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Why I Wear a Crucifix Necklace Every Day

Iesus Nazarenus Rex Iudaeorum, or “INRI” adorned on the standard crucifix means Jesus of Nazareth, King of the Jews. This is one of the interesting facts I like sharing when people strike up conversation about my crucifix necklace. 

Most of my close friends, family, and people who see me frequently on campus know that my cross necklaces and crucifixes are a staple of my daily wardrobe, and there’s a reason for that. To the world it’s just a piece of sparkly jewelry, but to me it’s a symbol of my continued outward commitment to God and hunger to actively choose the right and just paths in college and beyond. I’ll admit that I forget when I’m wearing it sometimes, and it can lose its meaning for me as I have grown used to it. However, I’m reminded constantly that it’s special, and so is being a practicing Catholic in college. I have an uncommon privilege to evangelize to others everyday on campus, which is an opportunity that not a lot of other women do. 

Yet, there’s currently a plethora of young men and women who judge individuals that they deem “not religious enough” for wearing religious items. This is an elitist attitude that needs to end. 

Even on the days that I’m not feeling particularly in-tune with the teachings of Jesus, I wear the necklace regardless because it was my great-grandmother’s, passed down to me from generation to generation. I find religious jewelry to be particularly unique because there’s often a backstory or motivation outside of its religious significance (i.e. a family heirloom, a Christmas gift, etc). 

Recently in my theology course, we were discussing the significance of matching your inward disposition with your outward disposition. According to a classmate, individuals who wear crucifixes but don’t go to mass are “doing it wrong.” To put it bluntly, I think that perspective is utter crap. As humans, we are so quick to judge that we don’t stop and think about their internal struggles, nor do we dare look in the mirror to see that we struggle with our relationship with God, too.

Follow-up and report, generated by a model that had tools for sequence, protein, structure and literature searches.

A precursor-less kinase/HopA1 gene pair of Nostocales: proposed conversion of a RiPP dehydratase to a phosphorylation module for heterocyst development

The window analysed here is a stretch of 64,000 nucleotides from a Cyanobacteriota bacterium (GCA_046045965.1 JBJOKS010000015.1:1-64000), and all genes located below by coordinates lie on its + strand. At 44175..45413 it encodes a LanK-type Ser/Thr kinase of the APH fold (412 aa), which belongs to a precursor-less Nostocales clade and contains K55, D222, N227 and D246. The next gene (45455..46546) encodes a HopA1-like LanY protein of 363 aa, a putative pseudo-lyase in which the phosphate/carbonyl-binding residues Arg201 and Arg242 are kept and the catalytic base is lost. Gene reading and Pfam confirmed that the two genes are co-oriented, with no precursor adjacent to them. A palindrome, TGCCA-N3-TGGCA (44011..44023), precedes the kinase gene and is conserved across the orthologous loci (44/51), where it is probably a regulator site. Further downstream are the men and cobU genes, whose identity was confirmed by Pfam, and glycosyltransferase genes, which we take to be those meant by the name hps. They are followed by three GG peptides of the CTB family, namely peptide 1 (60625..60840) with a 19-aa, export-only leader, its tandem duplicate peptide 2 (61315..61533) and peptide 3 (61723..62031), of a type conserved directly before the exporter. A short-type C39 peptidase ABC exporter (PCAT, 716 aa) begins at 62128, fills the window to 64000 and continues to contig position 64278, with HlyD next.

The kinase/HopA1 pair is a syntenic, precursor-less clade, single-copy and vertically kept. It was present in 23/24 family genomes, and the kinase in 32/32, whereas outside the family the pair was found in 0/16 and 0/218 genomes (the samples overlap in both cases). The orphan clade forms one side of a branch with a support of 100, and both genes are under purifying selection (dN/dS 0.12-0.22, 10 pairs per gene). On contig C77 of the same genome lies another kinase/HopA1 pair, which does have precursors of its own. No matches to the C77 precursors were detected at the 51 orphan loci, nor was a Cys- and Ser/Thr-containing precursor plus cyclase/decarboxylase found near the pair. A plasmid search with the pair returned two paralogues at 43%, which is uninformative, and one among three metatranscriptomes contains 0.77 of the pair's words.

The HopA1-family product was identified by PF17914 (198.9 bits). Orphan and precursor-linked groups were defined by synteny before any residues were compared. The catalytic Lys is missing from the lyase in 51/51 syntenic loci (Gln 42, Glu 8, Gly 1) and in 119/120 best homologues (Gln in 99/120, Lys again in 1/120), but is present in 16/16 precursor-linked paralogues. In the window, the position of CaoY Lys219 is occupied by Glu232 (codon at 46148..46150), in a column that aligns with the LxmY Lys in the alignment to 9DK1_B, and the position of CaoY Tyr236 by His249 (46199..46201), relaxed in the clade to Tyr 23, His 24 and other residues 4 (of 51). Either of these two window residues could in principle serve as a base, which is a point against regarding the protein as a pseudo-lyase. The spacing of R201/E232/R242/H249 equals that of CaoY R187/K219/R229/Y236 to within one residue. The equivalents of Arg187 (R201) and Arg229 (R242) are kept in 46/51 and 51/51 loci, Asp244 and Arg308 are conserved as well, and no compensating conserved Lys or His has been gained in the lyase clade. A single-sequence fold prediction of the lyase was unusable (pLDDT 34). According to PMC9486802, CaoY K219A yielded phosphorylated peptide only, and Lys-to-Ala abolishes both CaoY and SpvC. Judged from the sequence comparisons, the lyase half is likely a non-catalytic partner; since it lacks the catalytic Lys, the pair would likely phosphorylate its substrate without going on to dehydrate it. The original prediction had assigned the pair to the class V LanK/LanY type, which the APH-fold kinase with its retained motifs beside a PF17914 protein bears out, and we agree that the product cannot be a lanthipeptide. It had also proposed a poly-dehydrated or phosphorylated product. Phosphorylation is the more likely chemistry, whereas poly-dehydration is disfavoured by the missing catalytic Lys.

The next time that you see someone wearing a crucifix who doesn’t strike you as the type to wear one, be genuine and start a conversation about it. They wouldn’t be wearing it unless they felt compelled to, and that’s the Holy Spirit at work. It’s now your job, if you are Catholic, to invite them to understand further that symbol in which they’re adorning beautifully on their neck. This could be simply saying, “If you want to join me at mass sometime let me know!” 

Being overly consumed with monitoring who’s “allowed” to wear religious jewelry is only counter-productive to evangelizing. God calls us to love one another, and that means recognizing something beyond yourself. Recognize that the Holy Spirit is working through you and I, and our non-Christian brothers and sisters, too. 

So yes, I do wear a crucifix every day, even if I’m not feeling particularly Catholic or don’t go to mass that day, and that’s okay. If wearing a piece of jewelry is what grounds someone in their faith or their ties to a family member, let them be. There’s no point in judging, everyone has plenty on their plate to analyze about themselves. Wearing a crucifix every day so far for three years has reminded me of God, but it has also opened up many conversations, both religious and non-religious— and that’s why I do it. 

 

 

Rachel is the campus correspondent and a Junior media and communications major/theology minor at The Catholic University of America in Washington, DC. She enjoys coffee, writing, and riding electric scooters around the city. Ideally, she would love to work as a broadcast journalist and columnist in the near future.
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